Popular fashions often follow trends. Blue jeans and short skirts from 1960s England made it to the runways of Paris and London. Hip-hop also influenced Haute Couture fashion shows in Milan and London. Even popular sitcoms and music have a bearing on what’s “in” at the moment. As people are more connected to the world around them, fashion often reacts to events, technology, social status, and political stances.
Influence of media
A new study has been conducted to examine the influence of the media on fashion. The study focuses on the relationship between Mercedes Benz Fashion Week and social media sites. Results show that social media sites have increased access to fashion, making it easier than ever to keep up with the latest trends and trendsetters. They also noted that social media sites have improved the quality of shows and content, as well as allowed people to follow the fashion shows on Twitter or other social media sites.
Influence of technology
While technology has always had a great influence on the fashion industry, it is especially evident in the fast-paced manufacturing process. Many companies are now focusing on just-in-time production and shorter made-to-order cycles, which save on inventory management costs, waste, and overstocking. One Parisian brand that specializes in custom-made sustainable clothing is Dressarte. Other fast-fashion brands include Zara, Uniqlo, and Boohoo.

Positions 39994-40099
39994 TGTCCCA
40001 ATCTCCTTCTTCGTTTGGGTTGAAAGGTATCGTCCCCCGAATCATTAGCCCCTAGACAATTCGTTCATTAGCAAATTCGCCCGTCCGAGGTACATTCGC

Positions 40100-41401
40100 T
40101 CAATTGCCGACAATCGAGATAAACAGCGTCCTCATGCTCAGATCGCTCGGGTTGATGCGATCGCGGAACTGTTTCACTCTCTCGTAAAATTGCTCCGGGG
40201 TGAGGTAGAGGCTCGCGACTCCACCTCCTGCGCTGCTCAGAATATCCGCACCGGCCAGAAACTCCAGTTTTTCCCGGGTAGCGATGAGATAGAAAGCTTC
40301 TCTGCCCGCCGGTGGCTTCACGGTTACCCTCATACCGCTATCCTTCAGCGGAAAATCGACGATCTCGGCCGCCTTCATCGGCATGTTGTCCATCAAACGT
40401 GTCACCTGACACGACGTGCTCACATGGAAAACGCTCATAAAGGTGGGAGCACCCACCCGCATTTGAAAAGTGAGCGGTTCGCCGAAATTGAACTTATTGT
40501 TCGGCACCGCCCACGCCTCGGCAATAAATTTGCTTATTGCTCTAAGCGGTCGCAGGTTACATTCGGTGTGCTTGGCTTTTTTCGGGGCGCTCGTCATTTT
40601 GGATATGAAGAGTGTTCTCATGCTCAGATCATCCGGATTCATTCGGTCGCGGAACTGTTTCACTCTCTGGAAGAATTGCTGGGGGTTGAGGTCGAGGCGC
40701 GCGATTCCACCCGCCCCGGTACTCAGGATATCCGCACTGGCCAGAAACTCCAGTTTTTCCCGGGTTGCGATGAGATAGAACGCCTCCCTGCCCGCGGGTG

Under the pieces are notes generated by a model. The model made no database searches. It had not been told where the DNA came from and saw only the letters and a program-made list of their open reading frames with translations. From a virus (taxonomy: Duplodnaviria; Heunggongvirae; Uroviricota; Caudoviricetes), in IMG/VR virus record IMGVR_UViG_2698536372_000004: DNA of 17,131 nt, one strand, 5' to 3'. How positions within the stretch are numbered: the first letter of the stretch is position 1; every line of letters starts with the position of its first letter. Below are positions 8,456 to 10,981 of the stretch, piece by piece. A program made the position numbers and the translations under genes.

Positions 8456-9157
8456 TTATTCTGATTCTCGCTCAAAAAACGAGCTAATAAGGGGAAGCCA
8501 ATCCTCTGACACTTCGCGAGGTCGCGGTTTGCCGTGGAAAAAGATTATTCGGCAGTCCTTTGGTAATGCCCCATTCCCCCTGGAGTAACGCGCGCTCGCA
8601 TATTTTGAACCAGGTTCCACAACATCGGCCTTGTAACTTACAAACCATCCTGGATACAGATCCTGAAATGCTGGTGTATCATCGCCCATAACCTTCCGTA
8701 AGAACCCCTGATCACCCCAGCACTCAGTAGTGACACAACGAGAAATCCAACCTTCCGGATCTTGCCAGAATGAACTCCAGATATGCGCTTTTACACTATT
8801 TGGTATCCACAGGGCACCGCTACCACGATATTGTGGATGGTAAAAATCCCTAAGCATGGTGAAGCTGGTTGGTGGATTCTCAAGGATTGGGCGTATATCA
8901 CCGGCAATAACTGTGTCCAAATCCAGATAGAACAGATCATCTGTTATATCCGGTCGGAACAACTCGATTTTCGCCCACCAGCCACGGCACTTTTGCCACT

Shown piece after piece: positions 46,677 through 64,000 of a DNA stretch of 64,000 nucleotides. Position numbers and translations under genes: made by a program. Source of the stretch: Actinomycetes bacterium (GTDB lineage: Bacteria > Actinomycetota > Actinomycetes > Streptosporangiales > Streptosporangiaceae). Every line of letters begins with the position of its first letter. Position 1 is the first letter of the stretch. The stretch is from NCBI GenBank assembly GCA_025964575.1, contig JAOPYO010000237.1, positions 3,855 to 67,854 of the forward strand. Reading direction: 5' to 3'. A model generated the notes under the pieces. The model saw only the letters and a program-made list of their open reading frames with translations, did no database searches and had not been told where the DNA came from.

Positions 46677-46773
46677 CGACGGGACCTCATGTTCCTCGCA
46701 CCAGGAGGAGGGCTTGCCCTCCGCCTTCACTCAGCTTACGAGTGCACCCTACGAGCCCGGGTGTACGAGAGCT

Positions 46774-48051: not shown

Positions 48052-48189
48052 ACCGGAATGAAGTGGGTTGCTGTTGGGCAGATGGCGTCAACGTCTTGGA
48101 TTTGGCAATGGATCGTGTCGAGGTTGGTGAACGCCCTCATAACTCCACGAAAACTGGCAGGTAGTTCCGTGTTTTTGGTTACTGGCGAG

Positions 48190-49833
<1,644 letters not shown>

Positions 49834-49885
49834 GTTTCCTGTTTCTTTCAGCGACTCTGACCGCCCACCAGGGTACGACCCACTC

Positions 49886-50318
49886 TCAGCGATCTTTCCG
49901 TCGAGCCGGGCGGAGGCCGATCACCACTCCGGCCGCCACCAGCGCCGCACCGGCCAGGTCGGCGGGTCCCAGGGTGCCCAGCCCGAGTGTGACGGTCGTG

Influence of social status
As long as people have been dressing themselves, fashion has been a part of their life. Since the beginning, clothing has served a practical purpose, including warmth and protection. Later, it became an important part of social history, often reflecting gender, social status, and nationality. As a result, the importance of fashion has changed with time, and there are many social implications of clothing choices. To better understand these implications, we should look at the history of fashion.
Influence of political stances
Fashion has become a platform for political activism, with many designers and publications adopting politically-charged stances. For example, Christian Dior’s first female creative director, Maria Grazia Chiuri, has created T-shirts emblazoned with the phrase “We Should All Be Feminists.” Her political activism won her the Swarovski Award for Positive Change, and she’s a vocal proponent of political engagement.
Influence of internal taste mechanisms
According to the sociologist Stanley Lieberman, changes in fashion are a reflection of social change and the interests of fashion designers. However, Lieberson finds evidence of internal taste mechanisms that drive changes in fashion without any societal change. He explains that fashions can be traced back to the names given to children, which are not influenced by commercial interests. This is known as the Ratchet effect. In a later paper, Lieberson analyzes the relationship between children’s first names and the fashions they spawn.
Influence of globalization
The globalization of Western economies has created an abundance of fashionable goods in the dominant Western nations. Globalized production processes enable giant retailers to update their inventory and coordinate the worldwide distribution of goods. As a result, consumers in these countries are increasingly buying foreign clothing and accessories from corporations that project fantasy images, cool attitude, and carefree joy. But how has globalization affected fashion production? This article will explore the history of globalization and how it affects fashion in different countries.